Faucet-mounted systems and faucets with built-in filters work well against specific contaminants (check the labels and NSF certificates), as do most countertop pitchers. Simpler systems such as these represent a small investment, but replacement filters can cost as much as $100 a year.

Distilling the water

For about $100 to $500, you can get a countertop distiller that will boil water and condense the vapor. Distilling reduces levels of all chemicals in water, including heavy metals such as lead. Some units kill microorganisms. Some also remove chlorine by-products. Distilled water is tasteless and devoid of potentially beneficial minerals, but there's no harm in drinking it.

Note 1: Distillers and reverse-osmosis filters remove fluoride. If you use one, make sure your toothpaste contains fluoride, and consider fluoride treatments for children in the household.

Note 2: With any filtration or distilling system, change filters as directed; otherwise you risk increasing contamination.
Why not switch to bottled water?

Bottled water, in spite of its phenomenal popularity, may not be safer or more healthful than tap water. Some studies have found that tap water tends to have lower bacterial counts than bottled, and that some bottled waters are out of line with standards for tap water. Some bottles, however, are just packaged tap water.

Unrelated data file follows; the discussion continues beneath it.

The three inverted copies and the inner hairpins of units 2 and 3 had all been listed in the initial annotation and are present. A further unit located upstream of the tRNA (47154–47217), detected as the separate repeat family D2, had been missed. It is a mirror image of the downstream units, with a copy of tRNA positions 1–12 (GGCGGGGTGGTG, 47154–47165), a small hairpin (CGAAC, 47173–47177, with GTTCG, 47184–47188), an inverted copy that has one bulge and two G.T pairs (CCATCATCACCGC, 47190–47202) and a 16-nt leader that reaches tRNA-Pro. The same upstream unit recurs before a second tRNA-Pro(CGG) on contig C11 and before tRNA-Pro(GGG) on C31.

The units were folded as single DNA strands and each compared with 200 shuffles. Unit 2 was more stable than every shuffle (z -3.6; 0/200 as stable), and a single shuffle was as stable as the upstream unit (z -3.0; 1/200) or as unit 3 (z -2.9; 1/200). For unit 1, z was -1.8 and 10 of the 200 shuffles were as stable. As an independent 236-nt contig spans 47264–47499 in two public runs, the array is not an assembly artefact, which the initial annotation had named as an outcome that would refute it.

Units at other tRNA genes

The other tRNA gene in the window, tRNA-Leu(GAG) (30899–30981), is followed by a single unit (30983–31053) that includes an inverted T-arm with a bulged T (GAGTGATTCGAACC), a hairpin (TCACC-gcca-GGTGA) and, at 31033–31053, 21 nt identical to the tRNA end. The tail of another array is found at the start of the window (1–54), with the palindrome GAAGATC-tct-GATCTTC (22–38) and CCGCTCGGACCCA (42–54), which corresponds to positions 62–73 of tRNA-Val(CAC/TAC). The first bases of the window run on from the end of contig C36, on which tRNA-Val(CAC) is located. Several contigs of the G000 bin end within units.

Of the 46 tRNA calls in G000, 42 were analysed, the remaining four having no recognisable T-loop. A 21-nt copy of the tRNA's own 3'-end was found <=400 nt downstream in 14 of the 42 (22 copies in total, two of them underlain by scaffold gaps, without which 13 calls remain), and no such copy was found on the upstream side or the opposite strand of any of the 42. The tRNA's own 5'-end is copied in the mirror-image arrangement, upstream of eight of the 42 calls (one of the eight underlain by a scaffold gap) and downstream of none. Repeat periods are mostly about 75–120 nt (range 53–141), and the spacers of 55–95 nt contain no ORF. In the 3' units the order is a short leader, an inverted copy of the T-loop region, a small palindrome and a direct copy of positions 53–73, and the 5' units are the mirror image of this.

In addition, bottled water is costly and bulky. Plastic containers are not as weighty as glass, but they can affect the water inside. Clear polyethylene plastic has little or no effect. Thick opaque containers can impart a plastic flavor. Big rigid polycarbonate water-cooler jugs can leave chemical residues.

If you care about conservation of resources, tap water is by far the best choice, according to the World Wide Fund for Nature. Millions of tons of plastic are used every year to make water bottles; disposing of these bottles contributes to air pollution.

The FDA regulates bottled-water safety using EPA water standards and establishes definitions for labeling. If you buy bottled water, you're probably better off buying brands bottled by members of the International Bottled Water Association; NSF inspects their plants.

For more information

Environmental Protection Agency (EPA): phone 202-260-5543. Safe Drinking Water Hotline: 800-426-4791.

NSF International: phone toll-free in U.S., 800-NSF-MARK; otherwise 734-769-8010. For questions on consumer products, call 877-867-3435. To get The Consumer's Guide to Safe Drinking Water, which lists the water-treatment units tested by NSF and the contaminants they remove, send $7 to NSF Inter-national, Consumer Affairs Office, P.O. Box 130140, 789 N. Dixboro Road, Ann Arbor, MI 48113-0140.

Natural Resources Defense Council: phone 212-727-2700.

Food and Drug Administration (FDA): phone 888-INFO-FDA.

International Bottled Water Association (IBWA): its members (accounting for 80% of the water bottled in the U.S.) must test annually for contaminants and are open to unannounced inspections by NSF. Phone 703-683-5213 or its information hotline at 800-WATER11.